Eating is a Political Act

April 29, 2008 at 12:06 pm 1 comment

Rice Farmer in Cambodia from WikiCommonsI’ve been out of touch with Bamboo Dispatch the past two weeks, sorry! I’ve been busy, though and some posts soon should reflect what I’ve been up to. In the meantime, here are a couple articles that crossed my inbox which are worth a read:

Do you drive a biodiesel or hybrid car, or better yet, bike to work? Do you recycle, reuse and buy green products? But what about the food you eat? As the article, “Eat Locally, Survive Globally” at The Toronto Star points out:

It takes 35 gallons of oil, or the equivalent of a barrel, to raise a steer to go to market. Twenty per cent of American petroleum is consumed in the producing and moving of food.

And there continues to be a lot of talk about the food crisis. Here’s an article, “Neglect of Farming Led to Rice Crisis” discussing where the rice shortage originated:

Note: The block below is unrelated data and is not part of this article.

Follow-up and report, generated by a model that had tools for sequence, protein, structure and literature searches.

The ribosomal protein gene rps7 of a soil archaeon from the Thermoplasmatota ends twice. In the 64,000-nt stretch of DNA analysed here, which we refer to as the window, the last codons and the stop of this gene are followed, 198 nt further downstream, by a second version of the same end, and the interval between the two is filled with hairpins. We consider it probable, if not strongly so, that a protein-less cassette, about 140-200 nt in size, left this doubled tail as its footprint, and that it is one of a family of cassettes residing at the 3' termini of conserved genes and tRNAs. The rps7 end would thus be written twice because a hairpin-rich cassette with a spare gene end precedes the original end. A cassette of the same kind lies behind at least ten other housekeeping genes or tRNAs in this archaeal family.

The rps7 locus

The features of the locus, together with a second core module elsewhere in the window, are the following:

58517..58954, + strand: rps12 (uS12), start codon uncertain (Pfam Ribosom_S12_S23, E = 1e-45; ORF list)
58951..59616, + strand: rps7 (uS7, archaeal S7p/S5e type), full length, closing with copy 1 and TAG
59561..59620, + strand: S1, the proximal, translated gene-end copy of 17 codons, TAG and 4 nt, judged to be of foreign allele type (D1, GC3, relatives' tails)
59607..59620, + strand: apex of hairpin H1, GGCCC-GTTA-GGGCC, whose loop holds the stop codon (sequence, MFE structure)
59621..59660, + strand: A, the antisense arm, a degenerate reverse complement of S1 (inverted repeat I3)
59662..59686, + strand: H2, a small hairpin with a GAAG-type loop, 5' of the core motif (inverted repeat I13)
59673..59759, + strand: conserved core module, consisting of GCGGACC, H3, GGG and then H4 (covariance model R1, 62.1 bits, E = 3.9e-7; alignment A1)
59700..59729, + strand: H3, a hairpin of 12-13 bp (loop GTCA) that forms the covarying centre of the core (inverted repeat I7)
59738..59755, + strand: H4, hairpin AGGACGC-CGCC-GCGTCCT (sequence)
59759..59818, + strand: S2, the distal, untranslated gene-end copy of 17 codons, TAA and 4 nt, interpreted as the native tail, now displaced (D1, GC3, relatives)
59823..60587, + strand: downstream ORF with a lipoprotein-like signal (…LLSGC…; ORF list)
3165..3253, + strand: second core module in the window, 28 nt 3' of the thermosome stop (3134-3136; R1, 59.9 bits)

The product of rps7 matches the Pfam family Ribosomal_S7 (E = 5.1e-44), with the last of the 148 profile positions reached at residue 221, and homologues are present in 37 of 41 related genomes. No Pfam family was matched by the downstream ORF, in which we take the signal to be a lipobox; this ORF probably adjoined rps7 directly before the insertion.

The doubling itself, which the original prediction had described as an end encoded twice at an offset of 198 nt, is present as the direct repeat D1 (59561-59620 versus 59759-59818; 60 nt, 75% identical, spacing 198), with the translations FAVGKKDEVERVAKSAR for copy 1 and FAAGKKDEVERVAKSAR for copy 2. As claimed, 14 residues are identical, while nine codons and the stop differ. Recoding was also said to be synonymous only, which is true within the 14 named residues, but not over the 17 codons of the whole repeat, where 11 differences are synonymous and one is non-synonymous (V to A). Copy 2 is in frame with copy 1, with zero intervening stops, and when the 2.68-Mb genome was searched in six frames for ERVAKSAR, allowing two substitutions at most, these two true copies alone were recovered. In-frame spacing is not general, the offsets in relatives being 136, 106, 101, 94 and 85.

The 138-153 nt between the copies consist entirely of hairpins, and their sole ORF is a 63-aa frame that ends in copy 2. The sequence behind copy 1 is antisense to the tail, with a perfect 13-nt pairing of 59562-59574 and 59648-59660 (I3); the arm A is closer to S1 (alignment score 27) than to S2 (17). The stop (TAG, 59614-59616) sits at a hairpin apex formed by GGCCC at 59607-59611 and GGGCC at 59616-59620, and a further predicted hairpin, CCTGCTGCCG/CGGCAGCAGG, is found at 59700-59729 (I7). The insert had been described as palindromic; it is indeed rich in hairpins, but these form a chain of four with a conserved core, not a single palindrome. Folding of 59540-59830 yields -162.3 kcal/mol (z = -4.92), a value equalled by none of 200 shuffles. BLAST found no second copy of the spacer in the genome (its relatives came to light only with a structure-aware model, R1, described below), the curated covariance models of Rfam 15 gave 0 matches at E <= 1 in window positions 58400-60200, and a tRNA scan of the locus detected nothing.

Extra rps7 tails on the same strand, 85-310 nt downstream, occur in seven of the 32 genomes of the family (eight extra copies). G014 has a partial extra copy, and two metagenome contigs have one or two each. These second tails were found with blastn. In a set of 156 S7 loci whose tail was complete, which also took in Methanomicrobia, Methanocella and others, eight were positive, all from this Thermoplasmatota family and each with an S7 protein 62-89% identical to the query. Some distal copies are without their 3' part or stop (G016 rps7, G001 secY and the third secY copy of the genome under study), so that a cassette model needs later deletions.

‘’The agriculture sector has been neglected for a long time, nearly four decades, and the Asia-Pacific regions would have run into a food shortage problem and rising food prices sooner or later,” says Shamika Sirimanne, chief of the socioeconomic section in the poverty and development division of ESCAP. ‘’Governments used to provide much more public services to the agriculture sector earlier.” …
‘’This shift has become marked since the 1980s,” Sirimanne explained in an interview. ‘’Everybody began to think of economic growth in that decade and what could be achieved through manufacturing, industry and services. The idea of growth through agriculture was sidelined.”

It’s important to note that the case of rice is not special, corn, wheat and all other types of food are in shortage due to similar global conditions such as trade agreements and government priorities.

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Entry filed under: Food Politics, Sustainability. Tags: , , , .

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